Bynum is competing against 2022 nominee Jamie McLeod-Skinner and Oregon Metro Council President Lynn Peterson for the right to take on Chavez-DeRemer for a seat that Joe Biden carried 53-44 but where Republican Christine Drazan beat Kotek 47-43 last year. (Another 9% went to conservative Democrat-turned-independent Betsy Johnson.)
McLeod-Skinner outraised Bynum by $260,000 to $190,000 during the third quarter, but it was the state representative who finished September with a $220,000 to $150,000 cash on hand advantage. Both women have experience running against Chavez-DeRemer: Bynum beat her in 2016 and 2018 to win her seat in the legislature, while McLeod-Skinner lost 51-49 last year.
Peterson, for her part, only took in $70,000 and had $40,000 in the bank. Chavez-DeRemer herself far outpaced everyone by bringing in $620,000 and ending last month with $1.3 million in the bank.
McLeod-Skinner, who has waged three unsuccessful runs for office, got some unwelcome attention two weeks ago when Shumway reported that staffers from her previous campaigns "described her as a nightmarish boss, who yelled at and berated her staff, corralled them into frequent hours-long meetings, texted them in the middle of the night and retaliated against those who stood up to her." One person who worked on her last effort declared, "She spends so much time tearing her staff down that she neglects her duties, like fundraising and building support with voters and important allies."
Multiple sources also said that her campaign manager tried to convey these complaints to McLeod-Skinner in the month before the 2022 election, but the candidate responded by ceasing to communicate with her top staffer. McLeod-Skinner denied this and showed Shumway an email from last October she'd copied her campaign manager on.
The candidate also responded with a statement saying, "All campaigns are fast-paced and require long hours and hard work, but I have always sought to create a positive work environment, which many of my staff can attest to. If that was not the experience of certain individuals, I apologize and am always looking for ways to be a better leader." Some of her former employees also argued to Shumway that the criticisms were sexist, with one declaring, "I don't think there's anything that I can think of that Jamie did that would stand out as unusual behavior for a candidate." Her 2020 manager also said, "I have never seen Jamie raise her voice or berate staff. That is not my experience."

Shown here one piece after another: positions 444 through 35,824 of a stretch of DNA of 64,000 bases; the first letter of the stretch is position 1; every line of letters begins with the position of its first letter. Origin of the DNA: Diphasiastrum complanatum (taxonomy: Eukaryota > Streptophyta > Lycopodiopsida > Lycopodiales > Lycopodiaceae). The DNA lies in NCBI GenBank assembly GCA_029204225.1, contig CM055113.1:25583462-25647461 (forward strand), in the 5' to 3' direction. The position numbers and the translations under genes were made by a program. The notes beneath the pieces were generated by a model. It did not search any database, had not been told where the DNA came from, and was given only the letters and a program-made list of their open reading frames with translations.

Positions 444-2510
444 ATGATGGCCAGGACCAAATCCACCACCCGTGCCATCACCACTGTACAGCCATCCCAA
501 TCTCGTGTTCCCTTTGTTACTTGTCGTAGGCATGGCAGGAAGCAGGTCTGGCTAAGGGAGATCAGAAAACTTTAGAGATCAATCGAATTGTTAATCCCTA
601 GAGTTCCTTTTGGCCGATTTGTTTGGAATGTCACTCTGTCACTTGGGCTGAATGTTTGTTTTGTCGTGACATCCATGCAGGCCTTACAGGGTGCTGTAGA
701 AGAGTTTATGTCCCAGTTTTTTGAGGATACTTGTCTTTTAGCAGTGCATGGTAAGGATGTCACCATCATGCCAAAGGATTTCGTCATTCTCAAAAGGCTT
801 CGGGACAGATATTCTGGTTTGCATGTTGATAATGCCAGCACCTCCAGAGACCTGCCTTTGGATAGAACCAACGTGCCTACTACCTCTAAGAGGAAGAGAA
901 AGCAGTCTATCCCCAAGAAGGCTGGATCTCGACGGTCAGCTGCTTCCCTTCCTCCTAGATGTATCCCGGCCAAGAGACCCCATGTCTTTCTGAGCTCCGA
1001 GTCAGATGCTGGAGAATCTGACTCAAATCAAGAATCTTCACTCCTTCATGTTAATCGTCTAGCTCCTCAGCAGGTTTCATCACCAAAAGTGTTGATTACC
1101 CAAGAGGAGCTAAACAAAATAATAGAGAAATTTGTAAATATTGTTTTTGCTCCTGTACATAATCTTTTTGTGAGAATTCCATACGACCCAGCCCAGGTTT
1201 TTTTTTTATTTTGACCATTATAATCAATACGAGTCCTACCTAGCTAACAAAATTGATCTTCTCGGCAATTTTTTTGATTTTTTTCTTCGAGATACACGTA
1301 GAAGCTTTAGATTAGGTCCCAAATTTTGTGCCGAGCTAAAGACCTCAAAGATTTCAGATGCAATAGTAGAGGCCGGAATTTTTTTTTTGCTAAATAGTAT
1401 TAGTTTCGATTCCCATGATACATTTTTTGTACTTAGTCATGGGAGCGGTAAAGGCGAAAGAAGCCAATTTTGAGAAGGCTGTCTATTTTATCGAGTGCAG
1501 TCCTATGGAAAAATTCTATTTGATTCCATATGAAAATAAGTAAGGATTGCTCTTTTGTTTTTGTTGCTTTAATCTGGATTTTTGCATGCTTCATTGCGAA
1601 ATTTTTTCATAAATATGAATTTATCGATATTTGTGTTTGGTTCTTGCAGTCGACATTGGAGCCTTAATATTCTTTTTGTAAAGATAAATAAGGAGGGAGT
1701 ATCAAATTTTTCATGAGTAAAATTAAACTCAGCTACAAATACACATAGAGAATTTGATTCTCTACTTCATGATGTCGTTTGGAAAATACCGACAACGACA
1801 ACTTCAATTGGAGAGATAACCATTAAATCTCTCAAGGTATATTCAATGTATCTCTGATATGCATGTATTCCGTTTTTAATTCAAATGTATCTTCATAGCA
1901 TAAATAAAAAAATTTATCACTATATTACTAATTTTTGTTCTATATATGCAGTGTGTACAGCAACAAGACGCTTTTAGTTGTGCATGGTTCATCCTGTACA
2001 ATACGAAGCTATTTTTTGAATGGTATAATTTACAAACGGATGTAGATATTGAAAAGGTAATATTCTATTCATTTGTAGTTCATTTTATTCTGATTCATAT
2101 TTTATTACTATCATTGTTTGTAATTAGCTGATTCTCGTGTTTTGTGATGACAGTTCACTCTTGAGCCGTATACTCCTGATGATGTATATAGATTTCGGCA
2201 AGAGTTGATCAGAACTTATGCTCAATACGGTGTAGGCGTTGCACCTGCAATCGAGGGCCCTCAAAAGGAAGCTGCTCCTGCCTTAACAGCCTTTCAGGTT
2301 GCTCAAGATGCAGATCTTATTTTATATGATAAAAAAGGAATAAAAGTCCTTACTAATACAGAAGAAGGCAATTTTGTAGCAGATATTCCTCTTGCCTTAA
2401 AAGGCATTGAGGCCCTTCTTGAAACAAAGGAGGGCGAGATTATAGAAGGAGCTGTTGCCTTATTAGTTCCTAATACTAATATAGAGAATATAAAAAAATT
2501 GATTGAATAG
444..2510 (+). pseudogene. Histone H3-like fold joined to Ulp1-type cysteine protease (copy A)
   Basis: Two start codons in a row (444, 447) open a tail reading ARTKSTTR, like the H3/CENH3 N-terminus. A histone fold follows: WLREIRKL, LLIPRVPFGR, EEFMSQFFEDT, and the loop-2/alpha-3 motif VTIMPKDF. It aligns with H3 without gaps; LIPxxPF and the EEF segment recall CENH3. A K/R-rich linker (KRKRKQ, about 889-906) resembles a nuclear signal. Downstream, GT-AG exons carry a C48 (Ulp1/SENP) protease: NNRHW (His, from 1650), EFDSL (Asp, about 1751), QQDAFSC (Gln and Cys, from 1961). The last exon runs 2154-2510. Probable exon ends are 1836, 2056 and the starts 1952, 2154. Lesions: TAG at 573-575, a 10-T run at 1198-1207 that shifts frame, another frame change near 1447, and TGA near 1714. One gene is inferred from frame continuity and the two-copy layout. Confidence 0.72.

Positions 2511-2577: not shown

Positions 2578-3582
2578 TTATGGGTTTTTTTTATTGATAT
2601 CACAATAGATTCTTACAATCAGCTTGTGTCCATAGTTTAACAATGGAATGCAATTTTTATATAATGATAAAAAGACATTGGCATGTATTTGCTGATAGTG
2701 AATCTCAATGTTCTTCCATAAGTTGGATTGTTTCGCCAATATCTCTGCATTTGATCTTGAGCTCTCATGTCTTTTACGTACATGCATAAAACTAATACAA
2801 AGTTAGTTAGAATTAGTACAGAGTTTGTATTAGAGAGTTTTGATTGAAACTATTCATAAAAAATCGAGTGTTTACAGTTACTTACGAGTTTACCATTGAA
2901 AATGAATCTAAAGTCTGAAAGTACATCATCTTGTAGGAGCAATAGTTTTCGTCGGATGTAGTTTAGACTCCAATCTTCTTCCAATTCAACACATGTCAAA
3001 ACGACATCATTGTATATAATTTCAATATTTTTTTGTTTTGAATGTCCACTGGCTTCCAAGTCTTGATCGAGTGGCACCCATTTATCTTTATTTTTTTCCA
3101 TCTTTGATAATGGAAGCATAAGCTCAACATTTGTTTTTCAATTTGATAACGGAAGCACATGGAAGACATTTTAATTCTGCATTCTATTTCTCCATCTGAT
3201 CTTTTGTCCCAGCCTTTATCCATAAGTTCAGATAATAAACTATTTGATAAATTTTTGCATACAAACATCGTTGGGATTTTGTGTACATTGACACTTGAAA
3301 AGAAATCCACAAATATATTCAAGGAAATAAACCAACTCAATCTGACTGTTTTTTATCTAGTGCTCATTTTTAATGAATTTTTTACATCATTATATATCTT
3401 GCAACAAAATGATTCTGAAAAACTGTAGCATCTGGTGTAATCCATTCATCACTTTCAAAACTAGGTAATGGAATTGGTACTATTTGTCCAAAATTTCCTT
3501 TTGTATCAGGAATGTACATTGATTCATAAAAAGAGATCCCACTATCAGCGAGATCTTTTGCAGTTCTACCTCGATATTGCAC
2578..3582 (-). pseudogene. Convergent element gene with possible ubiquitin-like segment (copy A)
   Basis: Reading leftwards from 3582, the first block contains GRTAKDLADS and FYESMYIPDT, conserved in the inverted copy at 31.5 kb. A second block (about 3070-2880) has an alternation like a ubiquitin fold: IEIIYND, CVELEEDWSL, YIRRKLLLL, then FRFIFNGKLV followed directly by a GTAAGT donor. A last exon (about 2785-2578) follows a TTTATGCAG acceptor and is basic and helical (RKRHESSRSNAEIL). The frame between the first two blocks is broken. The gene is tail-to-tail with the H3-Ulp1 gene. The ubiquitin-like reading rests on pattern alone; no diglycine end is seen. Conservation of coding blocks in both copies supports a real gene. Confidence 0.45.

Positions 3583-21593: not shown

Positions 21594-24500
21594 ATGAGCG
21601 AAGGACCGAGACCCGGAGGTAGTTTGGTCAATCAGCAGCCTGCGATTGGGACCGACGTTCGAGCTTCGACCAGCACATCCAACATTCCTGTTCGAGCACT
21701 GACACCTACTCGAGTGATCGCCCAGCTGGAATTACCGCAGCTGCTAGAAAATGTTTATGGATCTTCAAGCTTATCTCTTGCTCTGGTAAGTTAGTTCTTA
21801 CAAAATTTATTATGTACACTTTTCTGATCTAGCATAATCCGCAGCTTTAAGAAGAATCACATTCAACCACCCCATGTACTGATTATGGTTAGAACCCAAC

● PA-10: Blake Lynch, who recently stepped down as an executive at central Pennsylvania's NPR affiliate WITF, announced Tuesday that he was joining the busy Democratic primary to face far-right GOP Rep. Scott Perry. Lynch, who previously worked in Harrisburg city government as both a community policing liaison and director of community relations and engagement, would be the first Black person to represent the Harrisburg and York areas in the House.
Mayors and County Leaders
● Houston, TX Mayor: Rep. Sheila Jackson Lee put out a statement Monday night acknowledging she had "fallen short of my own standards" in her treatment of her staff, a move that came days after an anonymous person posted what they claimed was audio of the congresswoman berating her employees. Listeners heard a person who sounds like Jackson Lee calling a pair of staffers "[t]wo Goddamn big-ass children, fuckin' idiots who serve no Goddamn purpose," as well as "fuck-ups" and a "fat-ass stupid idiot."
Jackson Lee's campaign has not confirmed or denied that the voice is hers, and Monday's statement addressed an "alleged recording." Her team also argued last week that the audio was released to benefit state Sen. John Whitmire, a fellow Democrat who is her main opponent in the Nov. 7 nonpartisan primary. Whitmire's camp responded, "We know nothing about it other than what everybody else does. And to try to accuse our camp of leaking it is just trying to take attention away from what is in the recording."
Jackson Lee's office has long had one of the highest rates of turnover in the entire House, and congressional staffers have often ranked her as one of the "meanest" members in Washingtonian magazine's regular surveys. "Any little thing can set her off to screaming at you," one unnamed former employee told the Houston Chronicle's Rick Casey in 2008. Casey wrote that another relayed "she once told an aide he was so stupid that his son should be embarrassed to have him as a father." However, this same person told the paper, "I really believe there's a good person in there."
The congresswoman herself used her Monday statement to declare, "I want to convey to the people of Houston that I strongly believe that everyone deserves to be treated with dignity and respect, and that includes my own staff." She continued, "I know that I am not perfect. I recognize that in my zeal to do everything possible to deliver for my constituents I have in the past fallen short of my own standards and there is no excuse for that." However, Jackson Lee's words did not include an apology.